The exact date at which slitting and rolling stopped at Stanley Bank is not clear; it was for sale as a slitting mill in 1800, but historical documents show it was in use as a corn mill in 1824.
Following the conversion to a corn mill the southern water wheel was removed and the wheel pit filled in. In the northern wheel pit the western water wheel was removed and this section of the wheel pit capped by a brick vault. The eastern end was rebuilt and possibly extended. The tail race (the channel taking water away from the water wheel) was covered over, although the tail race from the southern water wheel may not have previously been open.
It is thought that the corn mill was built on top of some of the foundations of the slitting mill, but it seems that the earlier mill was demolished and the stone removed. The corn mill is thought to have been made of hand made bricks and is likely to have been two or three storeys in height if it were similar to other corn mills at the time. Historical maps show us that there would also have been other buildings around the mill for housing and storage.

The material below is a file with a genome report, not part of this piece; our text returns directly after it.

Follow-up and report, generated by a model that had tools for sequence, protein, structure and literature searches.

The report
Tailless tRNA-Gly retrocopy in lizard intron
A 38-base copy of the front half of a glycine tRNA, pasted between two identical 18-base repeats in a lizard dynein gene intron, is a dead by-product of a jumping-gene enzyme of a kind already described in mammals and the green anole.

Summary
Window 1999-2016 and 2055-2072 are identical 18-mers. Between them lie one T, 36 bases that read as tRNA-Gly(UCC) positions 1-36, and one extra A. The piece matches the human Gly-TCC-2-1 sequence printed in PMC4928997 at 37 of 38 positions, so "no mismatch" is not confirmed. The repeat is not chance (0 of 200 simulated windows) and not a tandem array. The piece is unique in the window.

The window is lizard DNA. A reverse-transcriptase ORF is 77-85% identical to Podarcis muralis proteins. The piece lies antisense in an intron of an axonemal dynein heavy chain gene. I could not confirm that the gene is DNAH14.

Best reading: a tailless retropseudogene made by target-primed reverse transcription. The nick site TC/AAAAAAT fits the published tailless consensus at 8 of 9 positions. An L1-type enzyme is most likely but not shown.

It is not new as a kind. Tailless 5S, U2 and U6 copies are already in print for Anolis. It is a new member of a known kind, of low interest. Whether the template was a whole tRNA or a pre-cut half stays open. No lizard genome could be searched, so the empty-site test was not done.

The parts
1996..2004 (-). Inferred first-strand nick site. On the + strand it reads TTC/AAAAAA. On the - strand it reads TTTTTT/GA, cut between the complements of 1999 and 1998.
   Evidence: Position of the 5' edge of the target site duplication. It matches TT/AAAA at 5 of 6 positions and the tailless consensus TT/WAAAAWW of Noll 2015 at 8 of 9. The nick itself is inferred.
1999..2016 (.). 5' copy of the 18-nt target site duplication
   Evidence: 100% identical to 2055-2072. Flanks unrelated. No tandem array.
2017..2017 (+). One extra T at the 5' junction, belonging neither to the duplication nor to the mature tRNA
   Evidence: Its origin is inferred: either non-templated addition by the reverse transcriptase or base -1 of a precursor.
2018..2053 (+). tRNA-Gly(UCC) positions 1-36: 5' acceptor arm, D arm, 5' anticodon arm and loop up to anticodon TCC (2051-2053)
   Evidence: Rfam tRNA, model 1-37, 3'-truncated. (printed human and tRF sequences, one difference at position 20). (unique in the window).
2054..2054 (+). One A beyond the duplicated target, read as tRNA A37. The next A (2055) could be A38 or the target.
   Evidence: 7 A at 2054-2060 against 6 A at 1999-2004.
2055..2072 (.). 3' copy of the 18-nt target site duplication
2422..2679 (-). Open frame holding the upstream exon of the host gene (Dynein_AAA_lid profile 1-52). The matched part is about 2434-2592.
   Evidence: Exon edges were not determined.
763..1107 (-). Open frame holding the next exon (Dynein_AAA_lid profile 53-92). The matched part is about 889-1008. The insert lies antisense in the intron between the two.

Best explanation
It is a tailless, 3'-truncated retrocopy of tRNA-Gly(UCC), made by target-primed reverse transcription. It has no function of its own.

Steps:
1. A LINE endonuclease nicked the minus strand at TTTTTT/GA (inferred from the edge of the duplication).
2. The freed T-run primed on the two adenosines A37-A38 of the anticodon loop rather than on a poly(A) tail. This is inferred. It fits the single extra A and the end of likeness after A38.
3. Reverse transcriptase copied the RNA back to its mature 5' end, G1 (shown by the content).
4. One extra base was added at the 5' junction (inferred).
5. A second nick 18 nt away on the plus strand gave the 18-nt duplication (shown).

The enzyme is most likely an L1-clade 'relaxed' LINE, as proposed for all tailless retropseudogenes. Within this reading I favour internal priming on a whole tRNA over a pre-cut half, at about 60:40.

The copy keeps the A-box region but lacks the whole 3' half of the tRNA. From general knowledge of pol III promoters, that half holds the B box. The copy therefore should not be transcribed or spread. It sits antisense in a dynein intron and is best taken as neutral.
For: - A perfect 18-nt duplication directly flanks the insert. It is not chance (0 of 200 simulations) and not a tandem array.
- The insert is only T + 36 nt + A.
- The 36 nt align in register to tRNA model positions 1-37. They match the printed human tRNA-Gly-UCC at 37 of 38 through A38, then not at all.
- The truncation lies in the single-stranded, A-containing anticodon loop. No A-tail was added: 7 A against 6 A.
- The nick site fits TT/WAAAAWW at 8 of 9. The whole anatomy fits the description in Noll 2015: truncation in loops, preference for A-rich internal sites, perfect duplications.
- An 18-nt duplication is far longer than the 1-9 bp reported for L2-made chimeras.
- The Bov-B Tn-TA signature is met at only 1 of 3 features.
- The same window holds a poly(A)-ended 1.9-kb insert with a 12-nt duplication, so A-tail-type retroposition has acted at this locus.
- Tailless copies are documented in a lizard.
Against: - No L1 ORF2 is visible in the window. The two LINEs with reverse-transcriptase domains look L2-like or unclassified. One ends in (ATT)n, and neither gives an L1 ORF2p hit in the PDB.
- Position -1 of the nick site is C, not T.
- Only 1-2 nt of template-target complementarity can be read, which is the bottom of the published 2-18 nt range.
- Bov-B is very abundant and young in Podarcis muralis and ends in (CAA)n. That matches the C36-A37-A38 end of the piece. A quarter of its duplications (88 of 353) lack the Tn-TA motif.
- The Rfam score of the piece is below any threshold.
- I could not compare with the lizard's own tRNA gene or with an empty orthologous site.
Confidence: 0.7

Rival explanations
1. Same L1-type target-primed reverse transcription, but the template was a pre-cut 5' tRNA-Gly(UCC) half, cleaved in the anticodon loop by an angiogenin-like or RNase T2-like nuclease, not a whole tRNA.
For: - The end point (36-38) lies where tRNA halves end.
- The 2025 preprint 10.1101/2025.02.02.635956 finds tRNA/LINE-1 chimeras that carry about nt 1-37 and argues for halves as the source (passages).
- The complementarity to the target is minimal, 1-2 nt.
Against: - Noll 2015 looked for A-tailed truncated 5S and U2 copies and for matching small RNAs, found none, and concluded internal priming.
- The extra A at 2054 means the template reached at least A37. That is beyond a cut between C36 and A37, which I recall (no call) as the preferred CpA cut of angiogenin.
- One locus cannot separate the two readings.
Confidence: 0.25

Grindstones have been found on the site and also a special tile that is thought to have formed part of a drying floor in one of the buildings. This floor allowed a through flow of air in order to dry out the grain.